Excellent article on nursing shortage

  1. Best, most accurate article I've seen on the nursing shortage.

    http://www.post-gazette.com/pg/06241/716999-28.stm

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  2. 16 Comments

  3. by   CaLLaCoDe
    Yes, I agree, an excellent article.
  4. by   EmmaG
    Bringing nurses from abroad, or even educating more nurses here, without addressing the root causes of the nursing shortage, will have the same effect as sticking a finger into a leaky dike. It may help in the short term, but in the long-term, disaster awaits. The focus on the recruitment of nurses from overseas further weakens the collective ability of nurses to seek improvements in working conditions. Emigrants are less likely to challenge employers because of their tenuous residency status. This willingness to accept employment on whatever terms are offered enables employers to place additional demands on the health-care work force which will, in turn, accelerate the departure of domestic nurses from the profession.
    Amen.
  5. by   TheCommuter
    This quote, from the article, hits the nail on the head:
    Despite these numbers, we do not really have a shortage of qualified nurses. What we have is an insufficient number of nurses willing to work under the very difficult working conditions they face in hospitals.
  6. by   CITCAT
    Enjoyed the article and it is very accurate, the majorityof nurses rns are in the 40-50 age grouping and ina survey done by a michigan nurse assoc. the amounts of nurses that are going to retire/relocate by 20012 will be extraodinary, unionization of one hospital improved worker satisfaction,and performance.They forced the hospital to conform and provide safe patient:nurse ratios and acuity. Hats off to Mclaren/Mt. clemens general.
  7. by   Retired R.N.
    Quote from Valerie Salva
    Best, most accurate article I've seen on the nursing shortage.

    http://www.post-gazette.com/pg/06241/716999-28.stm
    One factor that seems to be completely ignored, however, is the fact that we, the taxpayers, are subsidizing some very expensive educational programs for R.N.s that do not adequately prepare the students for the realities of the jobs that await them after graduation. This "elephant in the living room" topic needs to be addressed if we are ever to solve the so-called "shortage of nurses."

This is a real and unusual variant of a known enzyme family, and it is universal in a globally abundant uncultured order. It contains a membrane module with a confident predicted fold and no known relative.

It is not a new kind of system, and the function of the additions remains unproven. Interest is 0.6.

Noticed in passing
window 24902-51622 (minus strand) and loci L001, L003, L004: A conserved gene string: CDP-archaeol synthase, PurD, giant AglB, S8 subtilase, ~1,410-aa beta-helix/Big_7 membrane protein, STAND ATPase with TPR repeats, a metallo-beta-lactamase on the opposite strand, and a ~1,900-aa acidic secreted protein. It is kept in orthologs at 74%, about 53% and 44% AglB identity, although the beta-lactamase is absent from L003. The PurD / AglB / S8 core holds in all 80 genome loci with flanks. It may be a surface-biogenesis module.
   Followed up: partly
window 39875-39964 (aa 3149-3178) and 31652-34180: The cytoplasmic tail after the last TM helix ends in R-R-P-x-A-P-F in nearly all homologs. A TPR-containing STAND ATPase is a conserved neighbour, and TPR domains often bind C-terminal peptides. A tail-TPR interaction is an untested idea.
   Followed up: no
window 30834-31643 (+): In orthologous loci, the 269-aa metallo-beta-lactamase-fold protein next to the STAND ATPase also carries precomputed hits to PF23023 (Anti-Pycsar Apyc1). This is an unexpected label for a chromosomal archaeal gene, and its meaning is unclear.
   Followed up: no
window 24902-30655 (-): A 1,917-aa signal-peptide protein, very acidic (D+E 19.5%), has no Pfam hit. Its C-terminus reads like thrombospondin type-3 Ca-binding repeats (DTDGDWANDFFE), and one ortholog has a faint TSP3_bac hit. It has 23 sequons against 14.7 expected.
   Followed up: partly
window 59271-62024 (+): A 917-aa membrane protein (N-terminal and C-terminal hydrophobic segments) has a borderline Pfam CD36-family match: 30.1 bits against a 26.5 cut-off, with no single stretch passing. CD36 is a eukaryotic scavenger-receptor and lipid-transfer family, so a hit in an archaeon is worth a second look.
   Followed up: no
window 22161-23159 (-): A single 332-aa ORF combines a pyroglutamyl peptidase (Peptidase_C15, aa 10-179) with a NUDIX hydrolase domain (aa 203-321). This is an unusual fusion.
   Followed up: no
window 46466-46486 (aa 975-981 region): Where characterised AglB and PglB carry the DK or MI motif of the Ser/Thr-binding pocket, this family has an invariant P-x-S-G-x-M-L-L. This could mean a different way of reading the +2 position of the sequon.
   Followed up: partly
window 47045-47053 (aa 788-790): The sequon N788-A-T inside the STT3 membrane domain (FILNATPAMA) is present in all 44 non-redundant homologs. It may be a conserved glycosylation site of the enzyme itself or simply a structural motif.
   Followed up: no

How can we nurses even pretend that we respect the professionalism of our own fellow workers when we are so blind to the working conditions that they face every day of their lives? When studies have shown that driving an automobile when sleep deprived is equally or more dangerous than driving under the influence of alcohol, how can we in good faith approve of mandatory schedules that do not permit nurses to get enough sleep? Since when have the benefits of regular meals become unnecessary for nurses? Should nurses have to consider Depends an accessory to their scrubs? Why do nurses have so little control over the practice of nursing?
  8. by   NRSKarenRN
    BINGO!

    Bringing nurses from abroad, or even educating more nurses here, without addressing the root causes of the nursing shortage, will have the same effect as sticking a finger into a leaky dike. It may help in the short term, but in the long-term, disaster awaits.
  9. by   Diary/Dairy
    Thanks for posting - this is a great article.
  10. by   Minty80
    Thanks! Great article.
  11. by   snowfreeze
    Thanks for posting - great article
  12. by   oramar
    have to get to the bottom of my driveway and get my Post-gazette, it is still there because we have had heavy, heavy rain all night
  13. by   MrsCannibal
    Interesting article, very eye opening (kinda scary!)
  14. by   KeyMaster
    Truely great article! It should be mandatory reading for every manager in every hospital. Our DON bemoans the "critical nursing shortage" in pandering, pretty speeches - then demotes long term staff from supervisory positions because they are "only diploma nurses". We have been told to go back to school for a BSN or MSN or lose the jobs many of us have been doing for years. At least 4 great RN's I know (all with 15 -35 years exp.) have LEFT nursing as a result. How can you cry "Shortage!" then open the door to push experienced staff out? Did I mention this was to help us achieve Magnet status? I'm all for higher education, but doesn't experience count for something? Thanks for letting me vent. I'm going to go look at college options with my daughter now...maybe we can carpool to save $ for tuition....

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